A month before national elections in the Federated States of Micronesia (FSM), President David W. Panuelo has visited Washington to lobby and secure top-line funding support for the FSM under the Compact of Free Association.
The eleventh hour trip was to ensure the U.S. Executive branch include FSM’s request in its annual budget submission to the U.S Congress in early February, according to a government statement released Tuesday.
“This is not a trivial matter, the U.S. President’s budget is submitted in early February, and not having these figures secured would mean delaying the FSM’s movement on Compact-related issues for another year at best.”
While the Republic of Palau and the Republic of the Marshall Islands have signed Memorandums of Understanding (MOUs) with the United States Government, the FSM has not yet reached that point, said the government.
“When I reflect on this administration and the vast responsibility of the Office of the President, I told myself that given the narrowing window on this, I must take decisive action for our people. I am willing to put it all on the line—and to risk my political career by taking bold action… to secure a deal in our nation’s best interests, and the best interests of our citizens,” said President Panuelo.
Contemporary Sector Grant assistance under the Compact of Free Association is approximately US$80 million per year and is increased to approximately US$93 million if one includes the Supplemental Education Grant (SEG), which is an annual act of the U.S. Congress as opposed to funding secured through the treaty.
The government statement said President Panuelo successfully secured from the White House team the approval to request US$140 million per year in Sector Grant assistance, or a total of US$2.8 billion over a twenty-year period.
The FSM Compact Sector Grant funding resides within the FSM’s States, and not at the FSM National Government. One of the impacts of such an increase in funding would be a dramatic jump in financial support to the State Governments in Yap, Chuuk, Pohnpei and Kosrae.
“This is one of the ways that teachers get their salary increases so that we can retain talent and strike back at our 2% annual out-migration rate by improving student learning opportunities at home,” President Panuelo said,
“And this is how we can provide better pay to doctors and nurses employed at the state level, all while better supplying our public education and health infrastructure throughout the nation.”
In addition, President Panuelo and the White House team agreed to include in an agreement a provision regarding the continuation of direct economic assistance beyond Fiscal Year 2044, subject to mutual agreement.
“There will not be a fiscal cliff now or in the future. Virtually everyone had the year 2023 as a weight on their shoulders, whether they were adults or children. We aim to remove that barrier for 2044 and beyond. The Compact, like our partnership with the United States, is enduring.”
Of supreme importance to the FSM Government’s long-term objectives include the health of the FSM’s Compact Trust Fund. The FSM Government projects that the Compact Trust Fund’s dividends may, at some point in the coming decades, serve as the nation’s primary source of revenue.
President Panuelo was able to secure from the White House team that the U.S. will request a mandatory appropriation of an annual instalment of US$250 million to the Trust Fund for the People of Federated States of Micronesia for two years, beginning in fiscal year 2024.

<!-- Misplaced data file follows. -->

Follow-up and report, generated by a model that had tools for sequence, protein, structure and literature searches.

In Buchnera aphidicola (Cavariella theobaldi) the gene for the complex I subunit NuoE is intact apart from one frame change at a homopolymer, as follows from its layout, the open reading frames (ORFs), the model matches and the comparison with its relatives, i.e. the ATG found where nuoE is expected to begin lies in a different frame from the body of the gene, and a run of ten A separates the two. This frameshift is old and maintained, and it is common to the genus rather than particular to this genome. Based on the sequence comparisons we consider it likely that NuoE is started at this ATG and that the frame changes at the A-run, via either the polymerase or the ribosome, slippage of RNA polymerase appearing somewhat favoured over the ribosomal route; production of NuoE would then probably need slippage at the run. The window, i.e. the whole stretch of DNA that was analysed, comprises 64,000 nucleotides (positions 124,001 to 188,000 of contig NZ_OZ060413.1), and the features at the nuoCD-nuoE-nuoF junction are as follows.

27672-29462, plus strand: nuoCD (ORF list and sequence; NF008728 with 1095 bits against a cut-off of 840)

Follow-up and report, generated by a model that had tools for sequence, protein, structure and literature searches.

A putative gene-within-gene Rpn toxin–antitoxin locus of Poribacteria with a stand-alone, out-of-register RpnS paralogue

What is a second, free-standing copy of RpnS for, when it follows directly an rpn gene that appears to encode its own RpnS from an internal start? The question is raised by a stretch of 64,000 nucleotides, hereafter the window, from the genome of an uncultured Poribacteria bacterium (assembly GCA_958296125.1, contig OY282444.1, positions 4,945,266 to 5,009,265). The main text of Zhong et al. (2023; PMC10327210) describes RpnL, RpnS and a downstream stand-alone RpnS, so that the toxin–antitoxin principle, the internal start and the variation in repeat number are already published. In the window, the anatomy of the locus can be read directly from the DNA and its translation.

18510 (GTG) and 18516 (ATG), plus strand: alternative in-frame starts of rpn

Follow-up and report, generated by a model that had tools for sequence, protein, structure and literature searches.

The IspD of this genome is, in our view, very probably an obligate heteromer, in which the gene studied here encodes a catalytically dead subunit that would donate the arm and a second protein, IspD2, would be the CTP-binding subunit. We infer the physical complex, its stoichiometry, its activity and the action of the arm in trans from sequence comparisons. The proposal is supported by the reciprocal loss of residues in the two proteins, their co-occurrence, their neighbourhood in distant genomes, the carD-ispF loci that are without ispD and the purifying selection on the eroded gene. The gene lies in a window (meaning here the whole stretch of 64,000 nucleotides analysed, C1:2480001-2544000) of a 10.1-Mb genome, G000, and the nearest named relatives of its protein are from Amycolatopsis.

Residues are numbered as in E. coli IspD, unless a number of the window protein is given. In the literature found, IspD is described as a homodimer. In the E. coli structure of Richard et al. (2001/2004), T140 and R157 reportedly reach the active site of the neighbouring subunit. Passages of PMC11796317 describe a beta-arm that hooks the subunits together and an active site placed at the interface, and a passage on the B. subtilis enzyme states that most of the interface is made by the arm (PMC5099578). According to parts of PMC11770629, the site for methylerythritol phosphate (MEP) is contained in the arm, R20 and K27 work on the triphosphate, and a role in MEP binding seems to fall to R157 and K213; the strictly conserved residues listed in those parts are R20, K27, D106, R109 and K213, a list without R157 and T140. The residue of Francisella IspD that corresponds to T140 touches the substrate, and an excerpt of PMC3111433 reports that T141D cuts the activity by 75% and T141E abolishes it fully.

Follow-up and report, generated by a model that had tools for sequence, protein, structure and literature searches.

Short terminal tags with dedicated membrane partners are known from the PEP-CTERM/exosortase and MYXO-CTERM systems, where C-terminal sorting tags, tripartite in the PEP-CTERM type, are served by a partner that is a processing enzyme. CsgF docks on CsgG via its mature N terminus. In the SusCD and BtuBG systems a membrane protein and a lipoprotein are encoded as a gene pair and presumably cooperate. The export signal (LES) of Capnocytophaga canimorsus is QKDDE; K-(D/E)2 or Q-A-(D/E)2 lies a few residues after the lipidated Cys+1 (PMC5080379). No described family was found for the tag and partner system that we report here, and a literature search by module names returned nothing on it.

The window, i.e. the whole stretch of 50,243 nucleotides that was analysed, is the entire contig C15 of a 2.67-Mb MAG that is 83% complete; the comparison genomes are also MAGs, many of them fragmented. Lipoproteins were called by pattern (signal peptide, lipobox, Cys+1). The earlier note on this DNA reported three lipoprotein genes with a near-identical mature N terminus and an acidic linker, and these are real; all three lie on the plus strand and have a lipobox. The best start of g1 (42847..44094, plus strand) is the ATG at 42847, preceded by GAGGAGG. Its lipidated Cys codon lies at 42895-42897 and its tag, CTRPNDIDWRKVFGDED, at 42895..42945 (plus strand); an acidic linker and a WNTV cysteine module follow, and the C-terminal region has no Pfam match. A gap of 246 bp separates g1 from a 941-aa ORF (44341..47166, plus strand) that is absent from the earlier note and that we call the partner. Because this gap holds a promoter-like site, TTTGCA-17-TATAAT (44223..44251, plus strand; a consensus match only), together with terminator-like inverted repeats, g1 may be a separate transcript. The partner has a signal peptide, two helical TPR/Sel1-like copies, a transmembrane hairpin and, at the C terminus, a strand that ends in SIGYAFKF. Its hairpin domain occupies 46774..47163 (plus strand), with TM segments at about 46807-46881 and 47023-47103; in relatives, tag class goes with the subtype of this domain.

“This will help ensure the FSM reaches its financial goal that the Trust Fund is conservatively projected to reach a total value of US$4 billion or above by 2044.”
After President Panuelo’s negotiations in Washington, he briefed the Speaker of the FSM Congress Wesley W. Simina and senior administration officials – who have given him total support for his engagements in the U.S..
The next step for FSM is to sign a Memorandum of Understanding (MOU) in early to mid-February with the U.S..
It is President Panuelo’s intention to determine a date in the coming weeks for signing the MOU with the U.S. and for the FSM-side to dedicate the month of February and the beginning of March towards finalising the few remaining elements of the negotiations, such as the Fiscal Procedures Agreement.
President Panuelo intends to ensure the total conclusion of the entire negotiation process, inclusive of signing a completed agreement, before the end of administration on 11 May, 2023.
“In the first ten days of my administration I went to Washington. The result of that visit at the beginning of my administration was to get the greenlight to start the Compact negotiations.
“I promised every citizen in this country that we would start that process—and it is my responsibility as your public servant, as your President, to see to it a successful conclusion. That is what we have accomplished in Washington DC at the end of January, achieving an estimated combined $7 billion in programmes and resources from Sector Grants and Trust Fund gains, not even counting all Federal Programmes & Services, over the 20-year period,” said President Panuelo.
While in Washington, President Panuelo met with senior White House officials, including Dr Kurt Campbell, National Security Council Coordinator for the Indo-Pacific, Ambassador Joseph Y. Yun, Special Presidential Envoy for Compact Negotiations, and Ambassador Carmen G. Cantor, Assistant Secretary for Insular & International Affairs.